Widening his views
by Henrik Manninen|26 NOV 2018
Newly promoted Lithuania has turned to Dan Lacroix as the man to guide them through the 2019 IIHF Ice Hockey World Championship Division I Group A.
photo: Evaldas Semiotas
Rekindling an old friendship while stepping out of his comfort zone has seen Dan Lacroix make the unorthodox jump from the NHL to the bench of the Lithuanian national team.

Charging ahead in red jerseys, black pants and red socks and with George Kingston as an assistant coach, there was already a slight Canadian feel to the Lithuania team that won the 2018 IIHF Ice Hockey World Championships Division I Group B on home ice in Kaunas. With stakes now being raised for this season, Lithuania has turned to the home of hockey in their attempts to spring a surprise at the 2019 IIHF Ice Hockey World Championships Division I Group A in Astana, Kazakhstan.

Montreal-born Lacroix made his debut as head coach of Lithuania's national team earlier this month at the Baltic Challenge Cup in Vilnius. Having worked as an assistant coach for eleven seasons in the NHL, the 49-year-old has never been one to shy away from a challenge. When the opportunity presented itself to work as head coach for the southernmost Baltic state, it was thanks to a friendship forged two decades earlier with the newly elected President of the Lithuanian Ice Hockey Federation, Dainius Zubrus.

“Having played with Dainius made my decision easy. He called me at a time when I wasn't with an NHL team. I look at this challenge like a university teacher would. They take a sabbatical to resource and find new ideas and that's how I looked at this season,” said Lacroix.

Stepping in to take over from the popular German Bernd Haake and Kingston, Lithuanian hockey is not totally a step into the dark for Lacroix. He first visited the country back in 2009 when he also coached some of the players that now skate for the national team. Having returned this month, Lacroix has his vision laid out on how success will be achieved.

“The strength of Lithuanian hockey it is undoubtedly the speed of the game. We also have a young team, so there's a lot of enthusiasm. The guys like to play and work hard, and that is what I want the team's identity to be. On that, there are also challenges, and those are to give these guys a structure that can help us when playing against better-skilled opponents,” he said.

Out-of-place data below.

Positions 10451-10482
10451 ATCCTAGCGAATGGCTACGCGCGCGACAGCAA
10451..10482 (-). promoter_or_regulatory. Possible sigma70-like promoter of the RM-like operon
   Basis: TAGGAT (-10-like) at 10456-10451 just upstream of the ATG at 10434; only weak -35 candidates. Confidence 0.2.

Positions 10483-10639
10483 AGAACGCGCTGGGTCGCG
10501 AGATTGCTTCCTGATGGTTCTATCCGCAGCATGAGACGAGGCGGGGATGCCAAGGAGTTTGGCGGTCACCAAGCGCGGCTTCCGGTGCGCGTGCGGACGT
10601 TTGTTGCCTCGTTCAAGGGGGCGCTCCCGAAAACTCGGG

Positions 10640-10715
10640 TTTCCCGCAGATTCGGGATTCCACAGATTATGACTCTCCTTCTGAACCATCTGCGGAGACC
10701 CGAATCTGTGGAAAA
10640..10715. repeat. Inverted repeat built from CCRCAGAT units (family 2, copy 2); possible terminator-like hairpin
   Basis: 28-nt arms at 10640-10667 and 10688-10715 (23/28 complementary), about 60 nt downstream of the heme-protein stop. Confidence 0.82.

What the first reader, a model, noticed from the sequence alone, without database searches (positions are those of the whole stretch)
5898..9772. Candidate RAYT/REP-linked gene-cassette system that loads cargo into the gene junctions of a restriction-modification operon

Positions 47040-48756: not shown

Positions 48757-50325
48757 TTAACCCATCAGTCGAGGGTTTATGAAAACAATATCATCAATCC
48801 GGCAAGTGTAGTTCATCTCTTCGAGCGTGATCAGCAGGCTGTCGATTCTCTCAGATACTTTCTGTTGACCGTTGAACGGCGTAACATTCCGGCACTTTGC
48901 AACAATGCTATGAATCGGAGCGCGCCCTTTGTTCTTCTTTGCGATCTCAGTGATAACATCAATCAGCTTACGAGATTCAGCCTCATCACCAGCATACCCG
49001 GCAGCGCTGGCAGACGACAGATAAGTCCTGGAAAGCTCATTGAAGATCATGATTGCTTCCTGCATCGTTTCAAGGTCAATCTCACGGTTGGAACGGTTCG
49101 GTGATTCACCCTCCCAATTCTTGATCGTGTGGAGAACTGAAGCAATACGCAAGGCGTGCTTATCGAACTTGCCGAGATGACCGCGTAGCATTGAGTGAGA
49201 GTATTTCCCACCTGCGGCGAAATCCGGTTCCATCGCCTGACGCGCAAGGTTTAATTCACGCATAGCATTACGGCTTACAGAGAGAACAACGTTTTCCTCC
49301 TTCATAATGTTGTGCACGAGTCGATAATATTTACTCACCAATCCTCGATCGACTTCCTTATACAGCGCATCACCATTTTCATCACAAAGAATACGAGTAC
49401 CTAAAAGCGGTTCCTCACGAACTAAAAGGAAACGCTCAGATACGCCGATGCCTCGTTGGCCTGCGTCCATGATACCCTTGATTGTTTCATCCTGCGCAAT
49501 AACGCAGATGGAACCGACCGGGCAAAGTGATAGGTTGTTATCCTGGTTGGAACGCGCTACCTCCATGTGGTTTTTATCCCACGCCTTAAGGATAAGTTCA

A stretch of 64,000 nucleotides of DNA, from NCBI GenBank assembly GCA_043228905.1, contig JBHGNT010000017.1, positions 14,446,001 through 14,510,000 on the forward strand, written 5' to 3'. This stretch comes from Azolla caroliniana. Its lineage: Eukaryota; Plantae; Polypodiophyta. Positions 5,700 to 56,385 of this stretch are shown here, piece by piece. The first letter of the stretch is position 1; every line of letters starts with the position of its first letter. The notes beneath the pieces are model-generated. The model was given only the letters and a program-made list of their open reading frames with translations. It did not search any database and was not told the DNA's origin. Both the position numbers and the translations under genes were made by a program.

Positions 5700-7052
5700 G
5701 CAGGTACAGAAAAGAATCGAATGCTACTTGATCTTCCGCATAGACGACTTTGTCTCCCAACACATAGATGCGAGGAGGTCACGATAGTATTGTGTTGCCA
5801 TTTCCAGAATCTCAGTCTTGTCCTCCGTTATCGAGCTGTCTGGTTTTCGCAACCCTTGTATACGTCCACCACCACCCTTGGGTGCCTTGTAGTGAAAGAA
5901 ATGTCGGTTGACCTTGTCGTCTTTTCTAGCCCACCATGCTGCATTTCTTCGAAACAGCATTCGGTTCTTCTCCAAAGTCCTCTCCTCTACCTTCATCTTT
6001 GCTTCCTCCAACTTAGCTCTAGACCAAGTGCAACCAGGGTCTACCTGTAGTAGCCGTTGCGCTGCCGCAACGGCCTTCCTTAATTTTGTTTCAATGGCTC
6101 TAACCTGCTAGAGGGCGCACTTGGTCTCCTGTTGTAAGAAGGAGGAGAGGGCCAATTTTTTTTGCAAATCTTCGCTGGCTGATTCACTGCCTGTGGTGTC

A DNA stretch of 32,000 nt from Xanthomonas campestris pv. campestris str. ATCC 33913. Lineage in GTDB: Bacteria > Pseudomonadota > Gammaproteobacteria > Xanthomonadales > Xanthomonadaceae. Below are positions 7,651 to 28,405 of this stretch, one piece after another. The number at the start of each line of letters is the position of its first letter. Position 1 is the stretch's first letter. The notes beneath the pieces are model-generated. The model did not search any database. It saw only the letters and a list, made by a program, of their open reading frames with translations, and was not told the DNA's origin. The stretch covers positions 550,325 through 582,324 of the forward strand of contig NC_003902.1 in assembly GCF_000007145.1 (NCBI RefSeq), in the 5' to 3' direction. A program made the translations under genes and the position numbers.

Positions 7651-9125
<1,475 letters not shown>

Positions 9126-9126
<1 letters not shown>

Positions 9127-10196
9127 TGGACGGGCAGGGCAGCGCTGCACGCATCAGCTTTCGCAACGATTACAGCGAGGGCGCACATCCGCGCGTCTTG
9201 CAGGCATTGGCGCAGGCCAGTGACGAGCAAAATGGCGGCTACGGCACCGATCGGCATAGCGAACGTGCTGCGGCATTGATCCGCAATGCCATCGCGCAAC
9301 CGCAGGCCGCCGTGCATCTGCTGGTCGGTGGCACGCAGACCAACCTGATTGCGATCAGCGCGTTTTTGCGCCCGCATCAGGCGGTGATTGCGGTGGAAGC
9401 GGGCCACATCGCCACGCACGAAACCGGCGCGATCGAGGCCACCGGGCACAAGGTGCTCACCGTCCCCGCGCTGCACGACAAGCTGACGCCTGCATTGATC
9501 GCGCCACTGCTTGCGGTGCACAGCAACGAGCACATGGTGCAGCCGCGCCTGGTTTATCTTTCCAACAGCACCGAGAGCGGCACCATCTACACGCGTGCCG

Well aware of his own strengths and limitations as a player, Lacroix was nine years Zubrus' senior when their paths first crossed at the legendary Spectrum in Philadelphia. It was during the 1996/97 season when the Flyers were led by the legion of doom forward line of Eric Lindros, John LeClair and Mikael Renberg, who wreaked havoc against opposition rearguards.

“I was always a fourth-line guy and Dainius was a young guy and a very promising player. When I had been a youngster I had veterans helping me and when I become one myself, I tried to help others. I had the chance to play with good leaders such as Joel Otto at the Flyers and at New York Rangers there were guys like Adam Graves, Kevin Lowe and Mark Messier. They were so good also to us fourth-line guys and made us feel important to the team,” Lacroix said.

In a playing career spanning five NHL teams and skating for influential coaches such as Terry Murray at the Flyers and Alain Vigneault at the New York Rangers, Lacroix's first experience of the European game came after he effectively had retired. He dusted off his skates, travelled across the Atlantic to suit up for the Newcastle Jesters during the 2000/01 season. Playing under future World Championship winning coach Jukka Jalonen in the northeast of England became an eye-opener for a previously well-pampered NHLer.